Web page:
The social views on tobacco usage has changed dramatically over the past decade. Knoxville, along with much of the United States, seems to be throwing away the lighter and veering towards a healthier lifestyle. Although the idea of healthy living hasn’t always been so clear, more and more people are seeing the true dangers of smoking and are willing to stand up for their health.
When making dinner reservations, you expected to be asked you smoking preference. However in 2007, Knoxville began pushing a law that would extinguish that question forever. The law to ban smoking inside restaurants and public places shocked many. Businesses became fearful of decreased revenue, knowing that smoking patrons would no longer go to restaurants where smoking was no longer allowed. When the restaurant ban was paired with a rise in cigarette taxes, many citizens became outraged. Maryville resident Bob Pritchard told Knoxville News Sentinel that he “never thought he would feel like a second class citizen for smoking in Tennessee.” When asked his prediction on how the smoking ban would affect the percentage of smokers in Tennessee, he simply responded with “Prohibition didn’t work against alcohol, it won’t work against smoking.” (CITE)
Although a lot of actions resulted from the restaurant ban and raised tax rate, much was still to be done. Many businesses, citizens, and local politicians were hesitant to jump on board with the proposals. Lawyers made it very clear that companies would be sued out by tobacco companies if they were to enforce no-smoking laws. The mayor of Farragut backed out of the tobacco ban due to financial concerns and the lack of authority in the small town branched off of Knoxville. “Farragut’s pockets are not deep enough to battle the tobacco industries.” (CITE) Coincidently during this time Farragut was also trying to enforce a hand free cell phone law and could not see the probability of enforcing two big laws at the same time without a local police force.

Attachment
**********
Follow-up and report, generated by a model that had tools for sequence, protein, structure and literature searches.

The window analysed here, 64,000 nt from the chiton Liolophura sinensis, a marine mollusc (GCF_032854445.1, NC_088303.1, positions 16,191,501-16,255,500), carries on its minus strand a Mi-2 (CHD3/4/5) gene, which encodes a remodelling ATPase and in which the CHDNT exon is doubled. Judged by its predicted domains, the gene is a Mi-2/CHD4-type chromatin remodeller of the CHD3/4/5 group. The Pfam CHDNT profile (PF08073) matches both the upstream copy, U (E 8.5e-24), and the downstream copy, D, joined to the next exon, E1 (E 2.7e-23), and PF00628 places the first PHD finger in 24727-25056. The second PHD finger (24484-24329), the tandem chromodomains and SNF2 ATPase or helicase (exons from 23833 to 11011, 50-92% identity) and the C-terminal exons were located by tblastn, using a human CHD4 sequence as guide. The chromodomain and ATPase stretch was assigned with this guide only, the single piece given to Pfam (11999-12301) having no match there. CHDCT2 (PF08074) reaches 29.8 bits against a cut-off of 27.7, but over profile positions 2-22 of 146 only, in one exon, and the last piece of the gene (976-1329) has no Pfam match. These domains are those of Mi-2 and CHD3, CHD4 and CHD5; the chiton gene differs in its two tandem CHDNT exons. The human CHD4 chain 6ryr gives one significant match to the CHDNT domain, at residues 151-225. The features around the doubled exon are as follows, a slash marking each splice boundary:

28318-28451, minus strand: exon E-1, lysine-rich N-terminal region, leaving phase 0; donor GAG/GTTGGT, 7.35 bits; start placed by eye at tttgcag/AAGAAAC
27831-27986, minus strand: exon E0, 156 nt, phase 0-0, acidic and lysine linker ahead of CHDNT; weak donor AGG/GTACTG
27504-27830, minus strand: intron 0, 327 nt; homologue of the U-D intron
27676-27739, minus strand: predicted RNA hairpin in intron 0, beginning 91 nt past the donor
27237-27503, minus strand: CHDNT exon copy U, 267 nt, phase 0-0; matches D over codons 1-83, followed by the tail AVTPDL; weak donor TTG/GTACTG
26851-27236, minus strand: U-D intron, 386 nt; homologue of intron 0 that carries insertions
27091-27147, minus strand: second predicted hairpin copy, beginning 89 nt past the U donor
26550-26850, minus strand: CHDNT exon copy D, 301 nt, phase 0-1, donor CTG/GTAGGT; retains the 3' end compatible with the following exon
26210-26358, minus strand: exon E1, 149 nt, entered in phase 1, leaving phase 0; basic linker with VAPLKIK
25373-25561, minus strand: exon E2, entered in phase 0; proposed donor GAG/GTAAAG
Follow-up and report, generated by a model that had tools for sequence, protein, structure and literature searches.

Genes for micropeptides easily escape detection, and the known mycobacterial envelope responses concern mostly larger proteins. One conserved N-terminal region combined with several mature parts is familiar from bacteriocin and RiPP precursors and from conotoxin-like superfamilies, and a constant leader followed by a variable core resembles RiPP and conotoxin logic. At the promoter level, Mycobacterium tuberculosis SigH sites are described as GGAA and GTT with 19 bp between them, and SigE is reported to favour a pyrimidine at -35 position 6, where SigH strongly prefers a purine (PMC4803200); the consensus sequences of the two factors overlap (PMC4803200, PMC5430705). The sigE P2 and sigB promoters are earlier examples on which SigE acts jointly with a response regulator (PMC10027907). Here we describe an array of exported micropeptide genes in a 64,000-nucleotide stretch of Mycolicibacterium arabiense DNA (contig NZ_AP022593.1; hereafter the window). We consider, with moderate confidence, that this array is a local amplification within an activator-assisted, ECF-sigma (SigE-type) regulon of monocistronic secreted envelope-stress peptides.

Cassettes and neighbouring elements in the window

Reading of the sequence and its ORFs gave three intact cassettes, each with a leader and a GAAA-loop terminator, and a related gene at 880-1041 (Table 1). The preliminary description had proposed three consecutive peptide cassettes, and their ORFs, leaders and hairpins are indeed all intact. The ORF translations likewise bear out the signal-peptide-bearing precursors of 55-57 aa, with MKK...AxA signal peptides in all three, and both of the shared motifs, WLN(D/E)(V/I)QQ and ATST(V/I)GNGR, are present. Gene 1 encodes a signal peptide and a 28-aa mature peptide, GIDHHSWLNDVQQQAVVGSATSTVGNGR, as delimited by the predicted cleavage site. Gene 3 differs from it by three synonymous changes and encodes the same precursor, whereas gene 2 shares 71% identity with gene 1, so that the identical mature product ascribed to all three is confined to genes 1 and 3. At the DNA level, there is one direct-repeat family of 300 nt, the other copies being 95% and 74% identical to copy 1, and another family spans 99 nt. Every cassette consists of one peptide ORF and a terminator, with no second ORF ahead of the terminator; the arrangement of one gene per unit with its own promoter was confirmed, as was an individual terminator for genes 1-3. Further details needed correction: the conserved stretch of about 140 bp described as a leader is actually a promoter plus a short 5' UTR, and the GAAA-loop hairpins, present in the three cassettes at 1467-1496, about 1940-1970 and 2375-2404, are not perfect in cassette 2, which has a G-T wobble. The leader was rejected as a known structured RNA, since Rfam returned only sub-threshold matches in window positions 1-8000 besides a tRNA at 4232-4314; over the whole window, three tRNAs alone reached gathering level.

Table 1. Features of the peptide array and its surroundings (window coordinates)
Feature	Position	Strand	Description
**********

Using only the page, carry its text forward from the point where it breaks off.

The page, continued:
In 2009, Knoxville started to really back up the cigarette ban. Once President Obama, a smoking addict himself at the time, signed off on the ban proposal, people began to be more optimistic. Of course the President of United States has a major social impact; yet , the health statistics hit closer to home. In 2011 the yearly death count due to smoking was 9,700. Women’s lung cancer death spiked the following year. At that time, 1:5 women smoked and lung cancer was the number one cancer related death in women. (CITE)
Social media and TV has become a massive power of persuasion. Many anti- tobacco corporations and...